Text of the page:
The relation which God gives in marriage may, contrary to His will, be strained or broken. The Church hears and proclaims the Gospel as a call to repentance and reconciliation and a promise of renewal for strained or broken marriages. When there are children in the family, their welfare in all its aspects becomes the prime consideration in any decision regarding the marriage. If strained marriage leads to a husband and wife's living apart, they may nevertheless in separation continue to recognise and witness to the life-long relation of marriage. During the separation, each should consider how he or she has contributed to the disruption of the relation and, both seeking and offering forgiveness, should try to open the way for a reconcilation ... if a person decides that the relation in the marriage has been finally destroyed and that no possibility exists of renewing it, he or she may seek to have the marriage dissolved. A decision of this kind should be made in a spirit of repentance and forgiveness. It is the responsibility of civil authorities to provide an ordered procedure for the dissolution in law of a broken marriage and to ensure that such a dissolution will be effected only after all possibility of reconciliation has been exhausted and after satisfactory arrangements have been made for the welfare of any children in the family.

Finally section X states:

Those who have experienced the breakdown and dissolution of a marriage are free to marry again, but before deciding to do so they should give careful thought as to their fitness to enter upon and sustain another marriage. The church has a special responsibility to speak the Gospel to them with the full force of its judgment, pardon, direction and promise.

This document is being revised at present, but I set out this selection, which is only a selection, because I believe that in looking at this Family Law Bill we should promote the qualities of judgment, pardon, direction and promise, as well as encouraging the spirit of repentance and the virtue of forgiveness. So the Bill before us demands the very closest scrutiny because nothing affects the nation's life and happiness so much as laws governing marriage and family. Any Bill which brings about changes at this level must be examined carefully.

The areas of the Bill relating to reconciliation, as well as those relating to the dissolution of marriage and maintenance, also need to be further examined. As has been said during this very special and studied debate, there is much agreement that reform of the existing law on divorce is needed. But the measure before us at present has drawn some specific criticisms, mainly in the area of the no fault concept of 12 months separation being the only proof needed of the irretrievable breakdown of marriage which, in turn, becomes the only ground for divorce. There has been some criticism of the custody and maintenance provisions and some criticism of the reconciliation provisions. I think the single ground for divorce being the irretrievable breakdown of marriage must be accepted as a desirable and much needed reform. This is a matter on which there is much discussion, much argument, much exchange of opinion. But the fault grounds as we understand them- of adultery, cruelty, drunkenness and other matters- lead very much to bitterness, humiliation and dishonesty.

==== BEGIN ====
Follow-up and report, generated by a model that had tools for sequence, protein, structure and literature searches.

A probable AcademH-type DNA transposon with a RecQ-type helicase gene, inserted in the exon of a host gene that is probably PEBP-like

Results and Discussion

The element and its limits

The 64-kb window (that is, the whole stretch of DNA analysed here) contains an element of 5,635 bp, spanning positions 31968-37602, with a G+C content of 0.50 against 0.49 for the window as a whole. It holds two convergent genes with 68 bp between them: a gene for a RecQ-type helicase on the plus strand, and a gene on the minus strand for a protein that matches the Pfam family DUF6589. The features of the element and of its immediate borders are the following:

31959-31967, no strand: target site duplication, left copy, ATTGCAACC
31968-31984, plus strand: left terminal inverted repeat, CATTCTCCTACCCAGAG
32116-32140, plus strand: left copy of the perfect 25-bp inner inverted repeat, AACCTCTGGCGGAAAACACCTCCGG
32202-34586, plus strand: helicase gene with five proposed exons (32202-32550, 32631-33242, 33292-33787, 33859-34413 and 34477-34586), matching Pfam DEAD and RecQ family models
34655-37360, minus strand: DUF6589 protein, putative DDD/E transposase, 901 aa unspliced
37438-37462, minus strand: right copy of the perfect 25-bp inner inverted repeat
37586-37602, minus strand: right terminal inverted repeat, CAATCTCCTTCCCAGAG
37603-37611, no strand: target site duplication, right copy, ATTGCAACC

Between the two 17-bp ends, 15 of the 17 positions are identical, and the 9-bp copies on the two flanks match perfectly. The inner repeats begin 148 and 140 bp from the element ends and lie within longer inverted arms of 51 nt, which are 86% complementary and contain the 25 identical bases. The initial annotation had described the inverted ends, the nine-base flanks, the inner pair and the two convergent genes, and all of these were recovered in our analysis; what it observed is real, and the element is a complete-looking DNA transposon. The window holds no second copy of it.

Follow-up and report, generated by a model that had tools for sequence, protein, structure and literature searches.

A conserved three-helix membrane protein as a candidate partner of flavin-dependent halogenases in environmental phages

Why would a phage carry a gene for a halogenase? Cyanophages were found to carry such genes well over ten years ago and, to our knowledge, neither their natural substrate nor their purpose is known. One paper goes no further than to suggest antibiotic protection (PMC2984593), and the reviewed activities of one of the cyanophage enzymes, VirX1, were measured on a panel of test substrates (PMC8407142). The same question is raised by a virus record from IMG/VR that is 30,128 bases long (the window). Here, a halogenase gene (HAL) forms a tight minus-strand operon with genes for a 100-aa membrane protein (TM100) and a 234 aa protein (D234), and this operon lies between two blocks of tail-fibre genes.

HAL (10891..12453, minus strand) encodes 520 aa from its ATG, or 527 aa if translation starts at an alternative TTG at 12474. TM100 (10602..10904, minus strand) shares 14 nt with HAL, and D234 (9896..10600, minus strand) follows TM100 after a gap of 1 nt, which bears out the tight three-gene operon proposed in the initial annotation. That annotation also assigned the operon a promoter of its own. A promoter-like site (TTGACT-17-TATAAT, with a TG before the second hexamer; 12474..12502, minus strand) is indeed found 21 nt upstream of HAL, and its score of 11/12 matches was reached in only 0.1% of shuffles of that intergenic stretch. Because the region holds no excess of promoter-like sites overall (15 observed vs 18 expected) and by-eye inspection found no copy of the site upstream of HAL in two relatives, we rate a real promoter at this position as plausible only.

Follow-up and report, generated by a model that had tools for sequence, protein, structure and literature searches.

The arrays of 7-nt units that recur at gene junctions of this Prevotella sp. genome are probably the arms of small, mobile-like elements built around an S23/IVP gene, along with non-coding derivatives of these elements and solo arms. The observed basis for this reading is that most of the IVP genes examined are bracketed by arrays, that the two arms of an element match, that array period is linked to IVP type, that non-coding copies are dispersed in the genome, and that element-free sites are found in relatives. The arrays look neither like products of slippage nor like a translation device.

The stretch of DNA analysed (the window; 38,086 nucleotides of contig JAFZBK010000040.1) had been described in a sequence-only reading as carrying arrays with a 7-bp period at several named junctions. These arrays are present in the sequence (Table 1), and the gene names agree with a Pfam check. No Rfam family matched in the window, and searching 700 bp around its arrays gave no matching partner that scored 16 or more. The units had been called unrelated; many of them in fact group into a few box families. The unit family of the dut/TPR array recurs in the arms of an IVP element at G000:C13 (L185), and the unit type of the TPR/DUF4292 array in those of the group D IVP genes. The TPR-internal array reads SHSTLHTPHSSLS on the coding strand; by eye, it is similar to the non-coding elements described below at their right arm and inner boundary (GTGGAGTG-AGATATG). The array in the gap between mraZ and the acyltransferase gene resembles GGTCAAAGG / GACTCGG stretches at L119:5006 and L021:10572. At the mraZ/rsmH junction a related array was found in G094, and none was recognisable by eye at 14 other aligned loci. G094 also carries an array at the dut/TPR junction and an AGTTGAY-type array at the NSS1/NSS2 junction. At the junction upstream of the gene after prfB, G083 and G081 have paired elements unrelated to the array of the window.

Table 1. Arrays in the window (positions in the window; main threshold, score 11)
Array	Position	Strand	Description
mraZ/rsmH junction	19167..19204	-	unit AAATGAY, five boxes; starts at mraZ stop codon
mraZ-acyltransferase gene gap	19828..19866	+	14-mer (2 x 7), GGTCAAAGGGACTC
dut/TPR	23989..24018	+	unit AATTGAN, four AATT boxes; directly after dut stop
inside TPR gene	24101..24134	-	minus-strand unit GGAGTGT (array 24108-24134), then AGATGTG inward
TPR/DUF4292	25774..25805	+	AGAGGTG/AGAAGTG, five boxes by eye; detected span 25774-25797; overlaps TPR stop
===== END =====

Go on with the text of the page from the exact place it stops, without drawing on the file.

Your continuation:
One criticism of not retaining the fault ground has come from those people who have expressed a concern about the effect that the fault ground has on the remarriage of divorced persons. There are exceptions to the matter of the remarriage of divorced persons in the case of what is described as the innocent party. I put to the Senate that acceptance of a secular court 's finding on who may be the guilty party in a divorce is a subject for argument. Perhaps it is too simple an answer to the complex question of who after all is the main contributor to the breakdown of the marriage.